Lumbar Spinal Fusion Surgery Lawsuit
Spinal fusion surgery is a surgery most often performed on the lower back to permanently connect two or more vertebrae so as to eliminate motion between the two vertebrae. The back injury lawyers at Purchase, George and Murphey, P.C. have experience with cases involving spine fusion surgery and here offer information, links, and animated demonstrations of the technique for people considering spine fusion surgery for themselves or their loved ones.
Spinal fusion surgery is a surgery most often performed on the lower back to permanently connect two or more vertebrae so as to eliminate motion between the two vertebrae. The back injury lawyers at Purchase, George & Murphey, P.C. have experience with cases involving spine fusion surgery and here offer information, links, and animated demonstrations of the technique for people considering spine fusion surgery for themselves or their loved ones.
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Spinal fusion is surgery to connect two or more vertebrae in your spine, eliminating motion between them.
Spinal fusion involves placing a bone graft to fill the space between two spinal vertebrae. The bone graft may be in a preformed shape, or it can be contained within a plastic, carbon fiber, or metal cage. Your surgeon may use plates, screws, or rods to hold the vertebrae and graft in place in order to promote healing after the surgery. Once the bone graft heals, the vertebrae are permanently connected.
There are two main types of lumbar spinal fusion that may be used alone or together:
- Posterolateral fusion places the bone graft between the transverse processes. The vertebrae are then held together with screws and/or wire through the pedicles and by attaching to a metal rod on each side of the vertebrae.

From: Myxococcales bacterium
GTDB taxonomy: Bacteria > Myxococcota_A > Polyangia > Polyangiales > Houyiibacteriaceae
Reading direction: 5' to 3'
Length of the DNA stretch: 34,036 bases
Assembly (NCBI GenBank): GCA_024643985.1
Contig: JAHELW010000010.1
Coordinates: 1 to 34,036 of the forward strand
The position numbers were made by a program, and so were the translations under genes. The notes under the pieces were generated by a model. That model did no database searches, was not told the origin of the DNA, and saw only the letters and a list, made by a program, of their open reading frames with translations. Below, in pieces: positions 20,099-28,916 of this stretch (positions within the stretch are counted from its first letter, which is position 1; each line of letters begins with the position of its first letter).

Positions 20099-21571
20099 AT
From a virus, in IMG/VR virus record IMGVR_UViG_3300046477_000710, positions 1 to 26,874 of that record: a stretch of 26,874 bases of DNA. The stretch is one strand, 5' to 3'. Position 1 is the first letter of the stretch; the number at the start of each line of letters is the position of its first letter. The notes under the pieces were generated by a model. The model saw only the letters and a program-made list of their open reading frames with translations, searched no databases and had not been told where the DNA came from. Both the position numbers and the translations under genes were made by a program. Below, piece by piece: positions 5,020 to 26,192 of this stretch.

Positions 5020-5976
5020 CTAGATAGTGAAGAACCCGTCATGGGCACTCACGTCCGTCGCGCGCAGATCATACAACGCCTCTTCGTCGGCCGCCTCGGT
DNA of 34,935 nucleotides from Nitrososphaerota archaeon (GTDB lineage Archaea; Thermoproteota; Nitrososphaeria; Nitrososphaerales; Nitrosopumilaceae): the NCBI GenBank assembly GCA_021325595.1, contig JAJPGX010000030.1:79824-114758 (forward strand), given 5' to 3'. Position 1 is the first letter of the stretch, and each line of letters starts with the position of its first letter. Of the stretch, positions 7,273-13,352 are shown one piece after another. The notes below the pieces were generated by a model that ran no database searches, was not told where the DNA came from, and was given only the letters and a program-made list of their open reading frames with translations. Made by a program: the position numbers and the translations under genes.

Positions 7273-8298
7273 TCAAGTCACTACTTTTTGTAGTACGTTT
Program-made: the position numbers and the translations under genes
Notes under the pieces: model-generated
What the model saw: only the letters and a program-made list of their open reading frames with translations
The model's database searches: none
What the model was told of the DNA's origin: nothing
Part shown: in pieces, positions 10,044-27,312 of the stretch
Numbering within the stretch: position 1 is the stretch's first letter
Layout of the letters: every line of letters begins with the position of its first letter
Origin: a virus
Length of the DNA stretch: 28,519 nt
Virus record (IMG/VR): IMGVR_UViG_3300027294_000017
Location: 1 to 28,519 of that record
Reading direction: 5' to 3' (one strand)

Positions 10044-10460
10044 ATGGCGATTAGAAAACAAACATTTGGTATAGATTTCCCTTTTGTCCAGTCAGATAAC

- Interbody fusion places the bone graft between the vertebra where the intervertebral disc is found. The disc is removed. A device is often placed between the vertebra to maintain spine alignment and disc height. The device can be made from either plastic or titanium. The fusion then occurs between the endplates of the vertebrae.
Three types of interbody fusion are:
- Anterior lumbar interbody fusion (ALIF) – the disc is accessed from an anterior (toward the front of the body) abdominal incision.
- Posterior lumbar interbody fusion (PLIF) – the disc is accessed from a posterior (toward the back of the body) incision.
- Transforaminal lumbar interbody fusion (TLIF) – the disc is accessed from a posterior incision on one side of the spine.
In most cases, the fusion also includes the placement of screws, rods or plates, or cages to stabilize the vertebra. The fusion process typically takes 6-12 months after surgery. During this time, external bracing (orthotics) may be required. If fusion does not occur, patients could require re-operation.
Your doctor might recommend spinal fusion to treat the following spine problems:
- Broken (fractured) vertebrae. Not all broken vertebrae require spinal fusion. Some heal without treatment. But if a broken vertebra makes your spinal column unstable, spinal fusion surgery may be necessary.
- Spinal weakness or instability. Your spine may become unstable if there’s abnormal or excessive motion between two vertebrae. Spinal fusion can be used to restore spinal stability in such cases.
- Spondylolisthesis. In this spinal disorder, one vertebra slips forward and onto the vertebra below it. Spinal fusion may be needed to treat spondylolisthesis if the condition causes severe back pain or nerve crowding that produces leg pain or numbness.
- Herniated disk. For the treatment of a small portion of people with a recurrent herniated disk, spinal fusion may be used to stabilize the spine following removal of a damaged disk (discectomy).
- Chronic low back pain. Spinal fusion may be used to restrict spinal motion in an effort to relieve chronic low back pain that cannot be attributed to a specific disorder.
The Erie back injury lawyers at Purchase, George & Murphey, P.C. have experience with cases involving spinal fusion surgeries. These cases often result from car crashes, motorcycle accidents, or slip & falls. Our primary goal and objective is to make sure that our clients and their families receive the compensation and resources they need to treat and manage their spine injury and to compensate them for their losses.
Call Purchase, George & Murphey, P.C. today to schedule your free consultation with an Erie spine fusion surgery lawyer. You can also fill out our online contact form.